3-D TV: Love It or Hate It?

'The Simpsons' (Photo: Fox)

'The Simpsons' (Photo: Fox)

Ready or not… it’s coming. Now that Hollywood’s discovered they can print money at the box office with 3-D megablockbusters like Avatar and Alice in Wonderland, it’s not a matter of if you’re getting a 3-D TV, but when. (For those of you who just bought a 60-inch HD plasma: Sorry, it’s just about officially obsolete. Ain’t technology grand?)

In fact, companies like Sony and Samsung are already cranking out the first wave of 3-D TVs. And networks are following suit, with ESPN offering 3-D sports broadcasts by year’s end. Even the Catholic church is jumping onboard, with cable network CatholicTV recently announcing a plan to broadcast in 3-D. (Because you really haven’t experienced the story of Christ until you’ve seen it wearing flimsy colored glasses.)

Of course, the kinks are still being worked out—but the possibilities of 3-D TV are endless. (Just the thought of 3-D Super Bowls and NBA Finals games is enough to get sports fans salivating.) The current TV landscape might not be exactly 3-D ready, though. So let’s take a quick survey and see which shows could really benefit from a third dimension—and which should probably just stick with two.

Here’s What’ll Work, Here’s What Won’t:


Survivor‘ (CBS)

Obviously, the lush exotic locales would look all the more inviting in 3-D—especially during those harsh winter months. (As would the scantily-clad contestants.) Throw in pulse-pounding immunity challenges practically happening in your lap, and you can count us in for Tribal Council.

Dancing with the Stars‘ (ABC)

Not that it needs any help in the ratings… but we love the idea of seeing our favorite dancers waltz right through our living room. Plus, the effect of a 3-D Cheryl Burke on the nation’s male populace cannot be underestimated.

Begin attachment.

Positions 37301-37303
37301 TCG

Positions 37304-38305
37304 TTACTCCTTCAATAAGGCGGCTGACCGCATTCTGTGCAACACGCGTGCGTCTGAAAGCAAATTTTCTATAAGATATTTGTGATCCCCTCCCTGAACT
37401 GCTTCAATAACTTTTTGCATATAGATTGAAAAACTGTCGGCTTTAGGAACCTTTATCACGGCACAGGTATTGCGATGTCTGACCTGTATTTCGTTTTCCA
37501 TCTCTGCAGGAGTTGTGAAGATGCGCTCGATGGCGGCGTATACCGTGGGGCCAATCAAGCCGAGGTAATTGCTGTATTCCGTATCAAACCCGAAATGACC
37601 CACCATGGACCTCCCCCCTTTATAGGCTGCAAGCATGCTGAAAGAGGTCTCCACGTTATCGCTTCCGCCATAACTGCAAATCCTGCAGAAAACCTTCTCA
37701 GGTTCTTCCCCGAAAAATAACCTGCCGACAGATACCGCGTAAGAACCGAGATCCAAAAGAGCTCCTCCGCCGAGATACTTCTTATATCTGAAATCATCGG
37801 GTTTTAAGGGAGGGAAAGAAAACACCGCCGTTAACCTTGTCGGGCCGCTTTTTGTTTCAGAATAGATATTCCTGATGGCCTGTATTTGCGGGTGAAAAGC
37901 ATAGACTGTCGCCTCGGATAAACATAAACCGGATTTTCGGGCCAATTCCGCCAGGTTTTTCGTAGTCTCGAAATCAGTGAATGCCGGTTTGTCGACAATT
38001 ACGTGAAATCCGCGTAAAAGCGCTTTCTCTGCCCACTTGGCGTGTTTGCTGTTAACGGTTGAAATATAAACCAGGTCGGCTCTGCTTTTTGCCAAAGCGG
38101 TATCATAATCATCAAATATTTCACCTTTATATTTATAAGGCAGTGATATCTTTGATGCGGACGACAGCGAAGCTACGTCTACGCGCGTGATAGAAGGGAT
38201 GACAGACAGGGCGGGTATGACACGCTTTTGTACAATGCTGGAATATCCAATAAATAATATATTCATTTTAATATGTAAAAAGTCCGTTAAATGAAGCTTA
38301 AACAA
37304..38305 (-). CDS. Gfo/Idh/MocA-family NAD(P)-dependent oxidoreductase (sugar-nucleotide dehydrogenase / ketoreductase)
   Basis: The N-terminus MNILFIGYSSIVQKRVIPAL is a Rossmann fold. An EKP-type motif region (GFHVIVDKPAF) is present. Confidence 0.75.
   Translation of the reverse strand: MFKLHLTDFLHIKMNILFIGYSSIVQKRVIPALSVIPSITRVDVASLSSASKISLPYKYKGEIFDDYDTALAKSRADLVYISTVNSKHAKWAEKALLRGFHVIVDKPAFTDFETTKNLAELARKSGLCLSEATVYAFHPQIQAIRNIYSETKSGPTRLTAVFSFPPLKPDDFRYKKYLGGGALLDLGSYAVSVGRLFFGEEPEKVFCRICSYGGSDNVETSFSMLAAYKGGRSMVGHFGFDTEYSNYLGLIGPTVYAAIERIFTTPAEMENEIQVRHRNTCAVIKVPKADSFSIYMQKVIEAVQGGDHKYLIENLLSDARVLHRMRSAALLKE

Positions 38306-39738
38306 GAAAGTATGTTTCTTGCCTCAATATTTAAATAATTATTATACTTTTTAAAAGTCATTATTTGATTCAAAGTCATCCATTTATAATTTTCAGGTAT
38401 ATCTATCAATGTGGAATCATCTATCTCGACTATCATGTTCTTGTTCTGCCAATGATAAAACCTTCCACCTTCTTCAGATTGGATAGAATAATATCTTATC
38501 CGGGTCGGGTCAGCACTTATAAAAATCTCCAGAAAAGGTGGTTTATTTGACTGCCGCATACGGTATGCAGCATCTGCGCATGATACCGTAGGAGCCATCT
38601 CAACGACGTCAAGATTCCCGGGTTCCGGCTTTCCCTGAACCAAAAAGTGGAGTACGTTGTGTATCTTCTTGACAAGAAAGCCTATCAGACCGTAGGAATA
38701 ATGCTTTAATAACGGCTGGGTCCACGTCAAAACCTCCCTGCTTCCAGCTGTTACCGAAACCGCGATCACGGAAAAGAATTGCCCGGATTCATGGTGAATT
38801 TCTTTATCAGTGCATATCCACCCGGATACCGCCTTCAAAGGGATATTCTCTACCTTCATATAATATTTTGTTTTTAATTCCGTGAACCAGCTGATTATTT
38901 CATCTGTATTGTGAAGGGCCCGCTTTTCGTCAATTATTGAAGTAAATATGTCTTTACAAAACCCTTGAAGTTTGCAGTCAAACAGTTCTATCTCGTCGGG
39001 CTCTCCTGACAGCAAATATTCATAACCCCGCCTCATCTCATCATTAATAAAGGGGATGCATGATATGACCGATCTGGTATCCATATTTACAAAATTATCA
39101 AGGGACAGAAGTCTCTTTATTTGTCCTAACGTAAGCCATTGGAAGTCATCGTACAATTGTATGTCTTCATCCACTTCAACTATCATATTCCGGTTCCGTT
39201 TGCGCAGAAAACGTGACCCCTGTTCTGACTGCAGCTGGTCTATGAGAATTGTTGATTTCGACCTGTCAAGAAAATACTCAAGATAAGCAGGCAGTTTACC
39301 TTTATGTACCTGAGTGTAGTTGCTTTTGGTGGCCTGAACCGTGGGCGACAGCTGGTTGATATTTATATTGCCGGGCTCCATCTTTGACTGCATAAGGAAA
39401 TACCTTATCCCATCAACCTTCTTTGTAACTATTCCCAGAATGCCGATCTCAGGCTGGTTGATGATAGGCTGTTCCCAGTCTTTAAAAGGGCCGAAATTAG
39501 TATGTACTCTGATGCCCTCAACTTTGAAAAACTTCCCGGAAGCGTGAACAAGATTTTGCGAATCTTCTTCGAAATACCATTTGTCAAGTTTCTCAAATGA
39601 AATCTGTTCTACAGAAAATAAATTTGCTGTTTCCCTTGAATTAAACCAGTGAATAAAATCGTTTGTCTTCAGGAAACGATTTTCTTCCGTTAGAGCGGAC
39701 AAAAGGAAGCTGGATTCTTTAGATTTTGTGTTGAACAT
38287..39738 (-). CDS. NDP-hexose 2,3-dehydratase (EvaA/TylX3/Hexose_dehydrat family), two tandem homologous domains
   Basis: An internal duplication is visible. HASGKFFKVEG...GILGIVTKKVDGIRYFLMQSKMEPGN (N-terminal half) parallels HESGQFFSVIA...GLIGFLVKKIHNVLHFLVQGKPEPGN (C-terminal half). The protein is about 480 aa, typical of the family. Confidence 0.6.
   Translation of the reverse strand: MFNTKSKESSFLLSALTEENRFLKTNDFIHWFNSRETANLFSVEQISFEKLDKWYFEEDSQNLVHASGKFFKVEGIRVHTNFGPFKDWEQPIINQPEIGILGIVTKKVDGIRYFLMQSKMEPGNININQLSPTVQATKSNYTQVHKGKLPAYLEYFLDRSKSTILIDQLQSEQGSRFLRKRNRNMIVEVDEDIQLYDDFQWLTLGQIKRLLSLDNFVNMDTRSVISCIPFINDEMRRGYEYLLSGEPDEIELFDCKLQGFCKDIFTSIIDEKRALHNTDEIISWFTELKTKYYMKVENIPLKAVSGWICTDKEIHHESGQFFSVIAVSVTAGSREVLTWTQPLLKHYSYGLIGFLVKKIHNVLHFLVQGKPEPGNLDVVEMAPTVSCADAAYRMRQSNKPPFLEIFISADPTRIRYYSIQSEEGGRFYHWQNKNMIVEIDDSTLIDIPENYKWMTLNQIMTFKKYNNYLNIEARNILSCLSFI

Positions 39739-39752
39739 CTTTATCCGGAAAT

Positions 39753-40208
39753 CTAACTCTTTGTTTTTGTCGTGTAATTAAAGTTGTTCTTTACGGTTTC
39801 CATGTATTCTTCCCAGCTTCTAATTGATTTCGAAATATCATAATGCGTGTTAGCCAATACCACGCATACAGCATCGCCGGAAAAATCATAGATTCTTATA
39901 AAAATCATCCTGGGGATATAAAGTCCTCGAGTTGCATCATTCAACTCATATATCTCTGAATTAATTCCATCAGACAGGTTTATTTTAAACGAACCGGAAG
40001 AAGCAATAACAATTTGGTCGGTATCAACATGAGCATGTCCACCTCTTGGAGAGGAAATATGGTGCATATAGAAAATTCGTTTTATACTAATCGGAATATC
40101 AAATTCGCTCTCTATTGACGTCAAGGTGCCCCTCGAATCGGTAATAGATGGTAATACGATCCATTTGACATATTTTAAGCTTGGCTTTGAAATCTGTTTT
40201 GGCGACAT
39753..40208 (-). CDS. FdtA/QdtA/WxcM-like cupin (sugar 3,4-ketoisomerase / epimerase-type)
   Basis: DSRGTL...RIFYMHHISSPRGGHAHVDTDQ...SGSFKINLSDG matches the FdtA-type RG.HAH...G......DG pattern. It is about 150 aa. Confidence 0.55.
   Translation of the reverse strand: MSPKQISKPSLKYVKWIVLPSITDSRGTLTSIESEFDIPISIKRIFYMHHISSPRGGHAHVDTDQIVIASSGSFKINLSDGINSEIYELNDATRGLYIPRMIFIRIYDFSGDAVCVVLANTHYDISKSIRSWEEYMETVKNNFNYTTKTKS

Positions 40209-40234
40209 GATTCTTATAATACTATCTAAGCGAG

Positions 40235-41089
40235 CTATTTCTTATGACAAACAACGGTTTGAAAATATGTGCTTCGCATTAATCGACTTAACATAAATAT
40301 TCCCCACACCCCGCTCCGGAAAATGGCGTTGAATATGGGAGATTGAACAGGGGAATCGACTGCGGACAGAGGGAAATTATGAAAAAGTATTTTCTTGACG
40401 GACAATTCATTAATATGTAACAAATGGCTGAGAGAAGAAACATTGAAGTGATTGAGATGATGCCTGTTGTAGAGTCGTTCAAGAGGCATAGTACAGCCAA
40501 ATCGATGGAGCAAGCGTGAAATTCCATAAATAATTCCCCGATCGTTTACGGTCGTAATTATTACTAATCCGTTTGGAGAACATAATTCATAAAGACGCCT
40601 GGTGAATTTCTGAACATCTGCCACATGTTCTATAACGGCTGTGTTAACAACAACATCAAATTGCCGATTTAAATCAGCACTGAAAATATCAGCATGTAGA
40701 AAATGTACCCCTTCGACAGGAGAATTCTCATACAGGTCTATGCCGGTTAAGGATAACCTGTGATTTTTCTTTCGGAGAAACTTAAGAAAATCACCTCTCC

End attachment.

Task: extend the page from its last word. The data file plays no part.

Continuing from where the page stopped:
CSI: Crime Scene Investigation‘ (CBS)
What better way to revive this old lion than with a dose of technology? We’re betting those trademark CGI autopsies and reenactments will look cooler than ever in 3-D.

The Simpsons‘ (Fox)
The animated stalwart actually dabbled with computer-generated 3-D in a 1995 Halloween episode. But we can’t wait to explore the far reaches of Springfield in all three dimensions. Heck, this could help the show run for another two decades, easy.

Yo Gabba Gabba!‘ (Nick)

The advantages here are two-fold: Kids get to dance around and sing nonsensical songs right next to their favorite robots and monsters. And college-age stoners get to zone out watching all the funky 3-D colors and shapes float by. Whoa… trippy.

'The Real Housewives of New York City' (Photo: Bravo)

'The Real Housewives of New York City' (Photo: Bravo)

Become a fan of Fancast on Facebook.


The Office‘ (NBC)

We love the Dunder-Mifflin crew—we really do. But most of us already spend 40 hours a week in a dreary office surrounded by lifeless drones; we don’t need to spend another 30 minutes trapped in one. Two dimensions of corporate drudgery is plenty.

Tool Academy‘ (VH1)

This goes for most every trash reality show: The great thing about watching these shows is the ability to observe (and laugh at) the obnoxious and moronic participants from a safe distance. We can’t really see inviting the tool brigade into our homes to throw chairs and spray beer all over the place.

19 Kids & Counting‘ (TLC)

Again, it’s a matter of distance. Watching the Duggars on a 2-D television: cute. Watching a football team’s worth of screaming children run wild through your living room: not so cute.

The Real Housewives of [Wherever]‘ (Bravo)

Pick any version, really: Each has the same shrill wine-drunk arguments, the same scary Botoxed-and-bleached confessionals. HD is tough enough to deal with here—a third dimension would be unbearable.

The Biggest Loser‘ (NBC)

With all due respect to the admirable contestants here… we’ll pass on the chance to see them grunting and straining their way through a rigorous workout regimen in real, lifelike 3-D. Let’s just be thankful that Sweat-o-Vision is at least a few years away.

So which current shows do you think would work best (and worst) in 3-D? Throw on your glasses and join us in the Comments.

The opinions expressed are solely those of the author and do not necessarily reflect the views of Comcast.

, , , , , , , , , , , , , , , , , , ,

Comments are closed.